Video Games in the Classroom

Child using computer

The education industry, a sector of the economy as large as the pharmaceutical industry, spends just 0.1% on research and development efforts -- an amount that Karen Cator, Director of the Office of Educational Technology at the Department of Education, said was dwarfed by the R&D spending of the potato chip industry.  I hope she was kidding, but I fear she was not.

This was just one of the striking comments made by panelists at The Atlantic’s Technologies in Education Forum in Washington, D.C. to discuss video games, STEM education, and the future of the American classroom.

In an attempt to drive innovation in the educational space, President Obama’s FY2012 budget proposed the investment of $90 million to create an Advanced Research Projects Agency for Education (ARPA-ED).  Karen Cator explained ARPA-ED will really focus on projects with the potential to power up the educational space, using video games and other technologies in the classroom.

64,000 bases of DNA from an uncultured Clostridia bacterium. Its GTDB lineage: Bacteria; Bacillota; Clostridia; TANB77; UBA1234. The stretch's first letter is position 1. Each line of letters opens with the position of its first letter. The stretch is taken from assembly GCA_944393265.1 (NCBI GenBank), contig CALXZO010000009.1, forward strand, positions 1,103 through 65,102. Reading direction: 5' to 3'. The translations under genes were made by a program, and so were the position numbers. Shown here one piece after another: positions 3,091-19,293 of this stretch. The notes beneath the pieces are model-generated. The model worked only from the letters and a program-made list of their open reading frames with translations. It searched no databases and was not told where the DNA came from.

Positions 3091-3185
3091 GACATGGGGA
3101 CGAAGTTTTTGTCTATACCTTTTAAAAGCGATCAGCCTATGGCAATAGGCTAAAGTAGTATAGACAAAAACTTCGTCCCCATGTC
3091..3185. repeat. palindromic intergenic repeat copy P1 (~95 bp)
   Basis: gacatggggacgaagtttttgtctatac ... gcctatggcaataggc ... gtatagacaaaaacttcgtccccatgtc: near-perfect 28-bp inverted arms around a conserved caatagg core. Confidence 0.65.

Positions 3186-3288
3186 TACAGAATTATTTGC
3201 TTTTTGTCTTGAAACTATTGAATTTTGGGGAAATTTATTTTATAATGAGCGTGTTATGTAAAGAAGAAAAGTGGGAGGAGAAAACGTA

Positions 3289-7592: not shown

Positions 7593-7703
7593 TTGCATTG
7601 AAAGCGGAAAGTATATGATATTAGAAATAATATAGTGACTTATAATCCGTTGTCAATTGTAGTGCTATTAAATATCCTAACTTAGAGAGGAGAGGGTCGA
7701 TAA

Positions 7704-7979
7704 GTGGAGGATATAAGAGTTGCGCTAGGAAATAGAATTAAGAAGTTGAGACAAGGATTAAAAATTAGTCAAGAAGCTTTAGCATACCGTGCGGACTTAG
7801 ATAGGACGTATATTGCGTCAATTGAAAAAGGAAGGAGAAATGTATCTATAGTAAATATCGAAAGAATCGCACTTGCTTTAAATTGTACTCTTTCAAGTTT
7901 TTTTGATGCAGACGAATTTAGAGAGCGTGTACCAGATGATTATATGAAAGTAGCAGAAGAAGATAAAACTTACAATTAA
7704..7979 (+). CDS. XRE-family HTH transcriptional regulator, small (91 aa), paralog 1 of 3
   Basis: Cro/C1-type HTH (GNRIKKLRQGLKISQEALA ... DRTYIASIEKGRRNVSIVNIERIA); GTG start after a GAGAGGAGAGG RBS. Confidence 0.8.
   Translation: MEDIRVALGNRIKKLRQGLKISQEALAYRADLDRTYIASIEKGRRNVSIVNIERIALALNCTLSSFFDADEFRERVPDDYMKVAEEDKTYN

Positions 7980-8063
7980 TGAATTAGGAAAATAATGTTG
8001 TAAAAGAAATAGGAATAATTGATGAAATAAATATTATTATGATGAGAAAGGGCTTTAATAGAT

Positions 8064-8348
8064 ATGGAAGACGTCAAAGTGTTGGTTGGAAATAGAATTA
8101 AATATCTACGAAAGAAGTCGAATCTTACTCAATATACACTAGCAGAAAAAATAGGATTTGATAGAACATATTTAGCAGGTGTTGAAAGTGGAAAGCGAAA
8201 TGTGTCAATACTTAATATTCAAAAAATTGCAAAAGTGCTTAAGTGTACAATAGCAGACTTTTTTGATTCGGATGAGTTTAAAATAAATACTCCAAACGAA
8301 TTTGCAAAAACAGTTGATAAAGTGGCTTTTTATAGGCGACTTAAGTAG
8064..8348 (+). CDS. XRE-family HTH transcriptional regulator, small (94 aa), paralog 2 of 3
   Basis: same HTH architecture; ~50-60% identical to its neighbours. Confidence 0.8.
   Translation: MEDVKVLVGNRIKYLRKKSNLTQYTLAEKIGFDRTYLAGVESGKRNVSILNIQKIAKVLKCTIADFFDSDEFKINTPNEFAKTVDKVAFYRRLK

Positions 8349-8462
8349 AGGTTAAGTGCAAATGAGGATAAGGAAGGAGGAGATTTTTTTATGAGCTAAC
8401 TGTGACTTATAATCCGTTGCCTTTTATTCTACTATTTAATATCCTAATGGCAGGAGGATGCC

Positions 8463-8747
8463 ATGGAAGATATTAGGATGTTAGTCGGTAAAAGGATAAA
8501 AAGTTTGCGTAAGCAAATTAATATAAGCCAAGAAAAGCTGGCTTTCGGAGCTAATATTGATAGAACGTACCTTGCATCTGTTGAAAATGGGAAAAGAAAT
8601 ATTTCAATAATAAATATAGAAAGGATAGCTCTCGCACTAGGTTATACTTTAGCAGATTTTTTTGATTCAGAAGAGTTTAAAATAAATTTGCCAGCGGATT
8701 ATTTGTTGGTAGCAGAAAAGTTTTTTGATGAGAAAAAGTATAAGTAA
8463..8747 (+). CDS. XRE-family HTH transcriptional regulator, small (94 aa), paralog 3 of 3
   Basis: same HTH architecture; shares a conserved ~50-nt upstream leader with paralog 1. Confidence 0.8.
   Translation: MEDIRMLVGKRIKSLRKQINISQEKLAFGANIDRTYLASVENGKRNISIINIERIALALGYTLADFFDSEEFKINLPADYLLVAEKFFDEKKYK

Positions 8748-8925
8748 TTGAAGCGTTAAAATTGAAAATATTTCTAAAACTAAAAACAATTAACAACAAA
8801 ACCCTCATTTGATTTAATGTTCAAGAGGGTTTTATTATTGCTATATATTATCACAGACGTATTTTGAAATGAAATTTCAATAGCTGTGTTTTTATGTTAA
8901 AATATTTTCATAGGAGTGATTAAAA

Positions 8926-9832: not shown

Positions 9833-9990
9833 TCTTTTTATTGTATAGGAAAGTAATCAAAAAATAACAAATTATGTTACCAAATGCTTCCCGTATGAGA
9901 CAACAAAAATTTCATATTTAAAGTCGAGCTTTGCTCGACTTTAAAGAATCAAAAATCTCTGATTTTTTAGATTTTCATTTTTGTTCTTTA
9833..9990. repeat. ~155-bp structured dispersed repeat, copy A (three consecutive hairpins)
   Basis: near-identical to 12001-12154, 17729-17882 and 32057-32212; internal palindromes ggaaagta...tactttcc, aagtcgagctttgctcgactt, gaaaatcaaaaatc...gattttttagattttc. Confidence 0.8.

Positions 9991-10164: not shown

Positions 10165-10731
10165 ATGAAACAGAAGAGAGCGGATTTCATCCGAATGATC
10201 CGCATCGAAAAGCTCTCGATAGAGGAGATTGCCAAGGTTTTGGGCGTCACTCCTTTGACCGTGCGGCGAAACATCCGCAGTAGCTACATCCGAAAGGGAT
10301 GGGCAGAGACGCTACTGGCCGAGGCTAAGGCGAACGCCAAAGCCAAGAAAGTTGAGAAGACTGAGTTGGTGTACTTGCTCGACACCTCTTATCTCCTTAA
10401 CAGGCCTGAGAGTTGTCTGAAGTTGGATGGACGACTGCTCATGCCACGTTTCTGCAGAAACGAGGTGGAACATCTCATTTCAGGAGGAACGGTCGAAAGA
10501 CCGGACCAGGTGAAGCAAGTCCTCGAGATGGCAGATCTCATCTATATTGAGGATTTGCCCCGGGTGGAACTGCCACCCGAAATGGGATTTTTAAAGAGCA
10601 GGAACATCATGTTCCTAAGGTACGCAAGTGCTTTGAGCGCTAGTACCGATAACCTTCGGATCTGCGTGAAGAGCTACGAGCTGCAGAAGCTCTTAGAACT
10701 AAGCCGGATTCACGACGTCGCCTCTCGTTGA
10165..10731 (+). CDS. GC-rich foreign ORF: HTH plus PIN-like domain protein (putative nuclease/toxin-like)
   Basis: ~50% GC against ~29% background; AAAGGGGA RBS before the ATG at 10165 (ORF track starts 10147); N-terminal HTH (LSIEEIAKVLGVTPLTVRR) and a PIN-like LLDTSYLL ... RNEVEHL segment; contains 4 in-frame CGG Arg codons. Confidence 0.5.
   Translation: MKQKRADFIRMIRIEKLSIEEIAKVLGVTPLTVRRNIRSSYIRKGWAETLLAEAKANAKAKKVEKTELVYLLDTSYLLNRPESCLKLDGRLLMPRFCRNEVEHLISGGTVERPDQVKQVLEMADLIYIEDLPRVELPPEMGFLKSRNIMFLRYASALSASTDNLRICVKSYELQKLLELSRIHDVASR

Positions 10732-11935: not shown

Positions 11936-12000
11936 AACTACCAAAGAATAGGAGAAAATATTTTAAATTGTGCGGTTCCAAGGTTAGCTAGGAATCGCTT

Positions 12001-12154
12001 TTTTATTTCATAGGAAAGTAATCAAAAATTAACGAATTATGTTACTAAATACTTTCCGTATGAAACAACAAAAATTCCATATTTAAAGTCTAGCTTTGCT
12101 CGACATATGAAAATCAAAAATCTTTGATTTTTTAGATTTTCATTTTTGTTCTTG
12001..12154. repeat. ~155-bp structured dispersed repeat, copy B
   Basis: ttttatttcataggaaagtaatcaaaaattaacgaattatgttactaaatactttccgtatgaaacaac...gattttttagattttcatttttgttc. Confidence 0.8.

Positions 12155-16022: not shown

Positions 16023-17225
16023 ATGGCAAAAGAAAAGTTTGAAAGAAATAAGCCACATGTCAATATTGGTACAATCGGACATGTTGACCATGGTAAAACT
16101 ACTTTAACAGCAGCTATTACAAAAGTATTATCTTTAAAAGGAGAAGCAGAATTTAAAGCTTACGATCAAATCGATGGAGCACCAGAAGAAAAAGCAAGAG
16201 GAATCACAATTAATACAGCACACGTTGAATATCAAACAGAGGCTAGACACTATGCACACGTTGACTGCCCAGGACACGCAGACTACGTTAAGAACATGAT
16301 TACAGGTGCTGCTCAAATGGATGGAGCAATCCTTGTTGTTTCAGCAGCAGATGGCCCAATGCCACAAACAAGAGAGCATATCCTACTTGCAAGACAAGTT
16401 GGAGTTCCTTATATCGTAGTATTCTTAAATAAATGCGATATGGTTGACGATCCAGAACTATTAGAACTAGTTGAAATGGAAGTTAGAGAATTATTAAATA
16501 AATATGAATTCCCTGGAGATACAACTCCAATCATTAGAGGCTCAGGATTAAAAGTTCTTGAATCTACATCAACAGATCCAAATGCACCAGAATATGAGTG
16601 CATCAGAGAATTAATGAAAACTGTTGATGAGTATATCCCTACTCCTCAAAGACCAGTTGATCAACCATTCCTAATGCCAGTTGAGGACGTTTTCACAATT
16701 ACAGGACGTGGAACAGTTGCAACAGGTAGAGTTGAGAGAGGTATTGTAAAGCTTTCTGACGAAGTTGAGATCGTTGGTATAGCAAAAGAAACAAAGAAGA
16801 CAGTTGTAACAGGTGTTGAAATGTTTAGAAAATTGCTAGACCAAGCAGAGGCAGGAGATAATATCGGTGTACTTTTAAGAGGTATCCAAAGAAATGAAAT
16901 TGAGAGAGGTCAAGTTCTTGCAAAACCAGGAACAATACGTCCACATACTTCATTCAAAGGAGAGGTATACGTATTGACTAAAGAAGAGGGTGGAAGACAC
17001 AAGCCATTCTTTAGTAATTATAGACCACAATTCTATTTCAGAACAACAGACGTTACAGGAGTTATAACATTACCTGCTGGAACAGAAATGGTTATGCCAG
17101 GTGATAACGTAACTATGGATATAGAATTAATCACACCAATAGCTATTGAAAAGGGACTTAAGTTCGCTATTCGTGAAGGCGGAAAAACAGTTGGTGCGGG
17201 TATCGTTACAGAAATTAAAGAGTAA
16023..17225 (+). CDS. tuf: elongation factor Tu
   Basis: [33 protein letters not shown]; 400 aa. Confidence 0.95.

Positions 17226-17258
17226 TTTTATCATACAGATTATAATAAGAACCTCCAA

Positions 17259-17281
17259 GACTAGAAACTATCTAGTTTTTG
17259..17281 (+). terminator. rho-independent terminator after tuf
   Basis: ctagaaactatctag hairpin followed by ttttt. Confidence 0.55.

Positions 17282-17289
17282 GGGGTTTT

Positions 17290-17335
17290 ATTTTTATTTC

While panelists conceded that the creation of more than just “one killer app” was necessary to achieve widespread video game utilization in the classroom, winners of the National STEM Video Game Challenge presented educational video games with a promising chance of going viral and achieving this goal.

Aneesh Chopra, U.S. Chief Technology Officer, announced the winners of the National STEM Video Game Challenge with much fanfare, and a video featuring the next generation of video game developers which left audience members with warm fuzzy feelings inside. (Watch it on YouTube.)

The game You Make Me Sick! was awarded the Grand Prize in the Developer Prize category, and a math games called NumberPower:  Numbaland! received both the Collegiate prize and the Impact prize, which is a the prize awarded to the best video game focused on reaching underserved populations.

Sarah Russell is a research assistant at The Stern Group in Washington, D.C.